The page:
100 years ago today, a division full of new Connecticut recruits encountered their first taste of modern warfare in a small village in northeastern France, repelling a regiment of elite German stormtroopers and holding the front lines against all odds.
The US 26th Infantry Division, nicknamed the Yankee Division because all of its subordinate regiments were composed of New England men, had just arrived in Europe with a full complement of “green” soldiers who had yet to experience battle firsthand. The Yankee Division was stationed in a quiet sector in northeast France for this very reason: Military brass was convinced that German forces wouldn’t attack the area for at least another year, if at all; therefore, the inexperienced new recruits would have plenty of time to adjust to military life on the European front.
However, the Germans had other plans. In the early morning hours of April 20, they staged a surprise attack on the Yankee Division troops stationed in the village of Seicheprey, France. Two hours of artillery fire were followed by a ground assault of German stormtroopers — the most elite and highly-trained soldiers in the German army. The American unit that bore the brunt of the assault was the 102d Regiment of the Yankee Division — a regiment almost exclusively made up of Connecticut men who had never seen, let alone experienced, battle before. Though they were inexperienced, the Connecticut men were still full of esprit de corps and patriotic fervor, having just arrived in Europe after an enthusiastic recruiting drive back home, and resisted the German advance with unexpected (albeit disorganized) effectiveness. Several accounts of the battle make special note of the extraordinary bravery of the 102d Regiment, noting that even members of the military marching band and kitchen staff got involved in hand-to-hand combat. The account of a Connecticut cook killing two Germans with his meat cleaver became a powerful symbol of the unit’s bravery in the face of overwhelming odds, and was included in a memorial stained glass window memorializing the Battle of Seicheprey (shown below).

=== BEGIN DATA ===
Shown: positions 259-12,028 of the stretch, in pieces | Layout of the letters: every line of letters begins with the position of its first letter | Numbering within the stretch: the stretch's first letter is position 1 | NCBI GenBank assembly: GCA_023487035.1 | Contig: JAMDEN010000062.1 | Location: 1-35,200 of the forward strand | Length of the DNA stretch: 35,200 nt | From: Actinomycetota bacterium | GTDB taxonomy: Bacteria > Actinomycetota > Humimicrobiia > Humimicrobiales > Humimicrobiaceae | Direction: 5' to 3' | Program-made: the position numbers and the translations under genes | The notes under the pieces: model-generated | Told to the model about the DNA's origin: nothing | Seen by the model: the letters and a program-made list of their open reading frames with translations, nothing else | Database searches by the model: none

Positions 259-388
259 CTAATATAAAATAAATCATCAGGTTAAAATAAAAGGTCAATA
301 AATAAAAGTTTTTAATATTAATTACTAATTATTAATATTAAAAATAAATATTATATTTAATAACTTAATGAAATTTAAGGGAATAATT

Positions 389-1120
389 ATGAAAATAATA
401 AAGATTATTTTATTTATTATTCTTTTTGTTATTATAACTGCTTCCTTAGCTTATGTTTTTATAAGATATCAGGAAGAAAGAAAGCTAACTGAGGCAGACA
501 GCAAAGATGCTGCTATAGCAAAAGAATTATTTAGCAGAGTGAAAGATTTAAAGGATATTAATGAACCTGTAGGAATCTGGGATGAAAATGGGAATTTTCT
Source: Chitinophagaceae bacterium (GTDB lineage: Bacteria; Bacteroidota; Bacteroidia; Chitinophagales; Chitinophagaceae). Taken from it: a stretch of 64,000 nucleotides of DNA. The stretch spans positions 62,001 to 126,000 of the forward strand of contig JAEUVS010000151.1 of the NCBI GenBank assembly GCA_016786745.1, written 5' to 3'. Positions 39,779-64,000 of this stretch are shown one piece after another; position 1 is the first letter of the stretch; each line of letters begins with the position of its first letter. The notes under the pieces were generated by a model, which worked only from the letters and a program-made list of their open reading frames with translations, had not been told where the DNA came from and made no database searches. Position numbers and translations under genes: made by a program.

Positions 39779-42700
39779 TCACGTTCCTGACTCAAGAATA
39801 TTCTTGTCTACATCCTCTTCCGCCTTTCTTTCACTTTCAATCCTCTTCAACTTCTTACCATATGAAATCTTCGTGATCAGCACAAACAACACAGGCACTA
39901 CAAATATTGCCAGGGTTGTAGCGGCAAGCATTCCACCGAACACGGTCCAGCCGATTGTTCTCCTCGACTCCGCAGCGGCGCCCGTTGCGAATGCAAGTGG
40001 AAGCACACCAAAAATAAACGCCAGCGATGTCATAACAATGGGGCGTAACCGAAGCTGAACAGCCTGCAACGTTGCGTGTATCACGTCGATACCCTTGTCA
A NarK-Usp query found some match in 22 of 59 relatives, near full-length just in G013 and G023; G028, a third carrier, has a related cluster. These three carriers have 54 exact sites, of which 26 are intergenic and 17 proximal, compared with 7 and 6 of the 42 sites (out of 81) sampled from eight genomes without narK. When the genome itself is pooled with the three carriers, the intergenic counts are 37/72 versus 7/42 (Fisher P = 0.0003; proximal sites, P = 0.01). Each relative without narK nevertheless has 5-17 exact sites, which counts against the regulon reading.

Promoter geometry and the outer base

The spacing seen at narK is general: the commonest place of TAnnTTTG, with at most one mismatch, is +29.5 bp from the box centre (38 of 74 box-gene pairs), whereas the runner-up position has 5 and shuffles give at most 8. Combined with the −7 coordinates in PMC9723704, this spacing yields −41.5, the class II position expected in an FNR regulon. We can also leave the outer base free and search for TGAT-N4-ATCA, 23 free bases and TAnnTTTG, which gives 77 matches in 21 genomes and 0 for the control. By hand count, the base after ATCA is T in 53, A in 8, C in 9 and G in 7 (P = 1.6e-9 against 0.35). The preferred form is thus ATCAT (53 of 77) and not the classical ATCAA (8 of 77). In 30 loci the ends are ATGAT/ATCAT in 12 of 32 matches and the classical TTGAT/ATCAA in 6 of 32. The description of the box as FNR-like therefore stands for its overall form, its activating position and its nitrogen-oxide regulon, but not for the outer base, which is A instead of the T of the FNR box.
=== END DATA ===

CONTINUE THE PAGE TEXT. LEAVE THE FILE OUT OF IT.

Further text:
After more than 24 consecutive hours of fighting, the Germans retreated eastward. The Battle of Seicheprey was, at the time, the largest ground engagement involving American troops in the war, although it was soon eclipsed by many larger and bloodier battles. Seicheprey was hailed by the American press as a rousing victory, but the reality on the ground was more muddled. The Yankee Division had prevented the Germans from advancing or seizing any additional ground in France, but at a horrific and lopsided cost: 81 were dead, 401 wounded and 187 taken prisoner by the German Army. Half of the dead were Connecticut men.
The Battle of Seicheprey may not have been one of the largest American battlefield engagements of World War I by the, but for the Connecticut men of the Yankee Division, it was a brutal trial by fire — one they endured with remarkable bravery and tenacity.
Eric Pace, “A Fierce Battle for Local Heroes,” New York Times
Narayan Segupta, “Battle of Seicheprey, April 20, 1918, US 26th Infantry Division,” USAww1.com
Laura A. Macaluso, “Connecticut Doughboys Remember the Battle of Seicheprey,” newenglandhistoricalsociety.com